As you may recall, Rule 8(c) of the Federal Rules of Civil Procedure requires defendants to “affirmatively state any avoidance or affirmative defense.” The defendants denied the allegation that they did not comply with section 1024.41(i), but did not raise their alleged compliance as an affirmative defense. Essentially, the defendants maintained “that they could not have violated RESPA by failing to comply with § 1024.41 because they did, in fact, comply with that section.” The Fifth Circuit rejected the borrower’s argument, ruling that the defendants’ “use of § 1024.41(i) in their motion for summary judgment is merely an expansion of the denial in their answer.”
Next, the Fifth Circuit turned to the borrower’s argument that the trial court erred when it found that the defendants only had to comply with section 1024.41’s requirement to identify the loan owner for one loss mitigation application. The borrower argued that this wrongly makes section 1024.41, which became effective on Jan. 10, 2014, retroactive.
The Fifth Circuit agreed that section 1024.41 is not retroactive, but nevertheless rejected the borrower’s argument in this case because “if the servicer complied with the requirements of the provision prior to the effective date, that compliance must be credited to the servicer because it need only comply with such a requirement once.” To find otherwise, the Court noted, would wrongly read section 1024.41’s limitation on duplicative requests out of the statute’s effective date.
Further, the “purpose of the regulation is not to make already compliant servicers repeat their compliance actions, but rather to bring noncompliant servicers into compliance.” Thus, “[s]ection 1024.41 is a forward-looking provision, but it accounts for a servicer’s past actions by requiring only one compliance per requirement.”
As such, when the servicer previously complied with section 1024.41 in response to prior loss mitigation applications, it did not have to repeat the name of the same loan owner in each subsequent response, and the trial court properly entered summary judgment on this issue and the alleged TDCA claim based on a violation of section 1024.41.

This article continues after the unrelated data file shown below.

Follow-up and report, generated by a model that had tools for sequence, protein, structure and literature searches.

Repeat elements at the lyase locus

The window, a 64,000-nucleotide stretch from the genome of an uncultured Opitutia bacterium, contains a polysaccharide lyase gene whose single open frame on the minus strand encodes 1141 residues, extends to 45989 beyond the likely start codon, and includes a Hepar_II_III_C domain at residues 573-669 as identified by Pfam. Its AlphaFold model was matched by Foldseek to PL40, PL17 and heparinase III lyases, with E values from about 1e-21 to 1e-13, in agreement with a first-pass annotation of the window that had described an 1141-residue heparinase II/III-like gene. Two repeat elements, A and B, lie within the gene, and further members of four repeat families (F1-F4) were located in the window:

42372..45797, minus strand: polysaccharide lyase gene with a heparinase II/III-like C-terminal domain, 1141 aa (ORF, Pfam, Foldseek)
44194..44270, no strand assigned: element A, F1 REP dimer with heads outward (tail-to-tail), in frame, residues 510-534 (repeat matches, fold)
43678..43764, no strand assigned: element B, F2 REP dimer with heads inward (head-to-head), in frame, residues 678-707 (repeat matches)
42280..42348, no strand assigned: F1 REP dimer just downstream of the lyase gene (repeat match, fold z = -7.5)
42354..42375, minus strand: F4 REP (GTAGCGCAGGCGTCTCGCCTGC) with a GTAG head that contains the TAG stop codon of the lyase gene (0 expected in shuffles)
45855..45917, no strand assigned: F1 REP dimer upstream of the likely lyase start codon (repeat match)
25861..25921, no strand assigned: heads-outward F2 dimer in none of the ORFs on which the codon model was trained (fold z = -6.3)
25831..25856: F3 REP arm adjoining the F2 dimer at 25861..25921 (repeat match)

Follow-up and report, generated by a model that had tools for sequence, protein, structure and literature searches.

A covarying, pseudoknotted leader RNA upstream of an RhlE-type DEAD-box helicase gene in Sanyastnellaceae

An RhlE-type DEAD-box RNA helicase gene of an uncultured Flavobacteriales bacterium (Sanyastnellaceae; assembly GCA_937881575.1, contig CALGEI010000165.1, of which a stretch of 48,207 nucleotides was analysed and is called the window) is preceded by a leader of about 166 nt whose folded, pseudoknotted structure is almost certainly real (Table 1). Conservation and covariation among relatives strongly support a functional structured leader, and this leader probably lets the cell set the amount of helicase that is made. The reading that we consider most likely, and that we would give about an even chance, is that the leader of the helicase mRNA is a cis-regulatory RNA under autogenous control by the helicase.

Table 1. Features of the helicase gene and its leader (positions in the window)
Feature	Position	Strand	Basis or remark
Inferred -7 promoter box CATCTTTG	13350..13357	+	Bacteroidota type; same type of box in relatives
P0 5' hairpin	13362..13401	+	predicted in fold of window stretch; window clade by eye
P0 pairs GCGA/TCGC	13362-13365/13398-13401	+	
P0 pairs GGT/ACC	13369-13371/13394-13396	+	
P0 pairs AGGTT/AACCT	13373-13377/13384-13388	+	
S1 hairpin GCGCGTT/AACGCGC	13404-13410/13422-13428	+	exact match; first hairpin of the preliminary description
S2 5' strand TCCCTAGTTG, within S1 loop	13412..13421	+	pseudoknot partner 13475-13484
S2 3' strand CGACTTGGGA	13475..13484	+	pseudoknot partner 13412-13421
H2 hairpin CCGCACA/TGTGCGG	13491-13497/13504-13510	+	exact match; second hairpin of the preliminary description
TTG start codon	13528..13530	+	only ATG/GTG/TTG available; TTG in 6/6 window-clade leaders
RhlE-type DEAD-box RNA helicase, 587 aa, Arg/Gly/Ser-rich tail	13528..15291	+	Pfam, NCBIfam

The Fifth Circuit also analyzed the borrower’s claim that the defendants violated sections 392.304(a)(14), (19) of the TDCA which provide that:
“a debt collector may not use a fraudulent, deceptive, or misleading representation that employs the following practices:
. . . .
(14) representing falsely the status or nature of the services rendered by the debt collector or the debt collector’s business;
. . . .
[or] (19) using any other false representation or deceptive means to collect a debt or obtain information concerning a consumer.”
The borrower argued that the defendants violated these provisions of the TDCA “by holding out the possibility of a [loan] modification.” The Fifth Circuit had little trouble rejecting this argument because the defendants never promised the borrower a loan modification by asking him to submit loss mitigation applications and the borrower presented no evidence that the defendants knew they would deny the request when they asked for applications.
Finally, the Fifth Circuit wrote separately to admonish the borrower because the case history “demonstrates beyond cavil that [the borrower] has spent the last 10 years gaming the system through a series of applications for loan modification, a flawed bankruptcy filing, and the institution of this lawsuit.” The Fifth Circuit cautioned the borrower, “and his present and future counsel, if any, that further machinations to prolong this litigation or delay foreclosure proceedings could and likely will be met with sanctions.”
Thus, the Fifth Circuit affirmed the trial court’s summary judgment order in favor of the mortgagee and the servicer and against the borrower.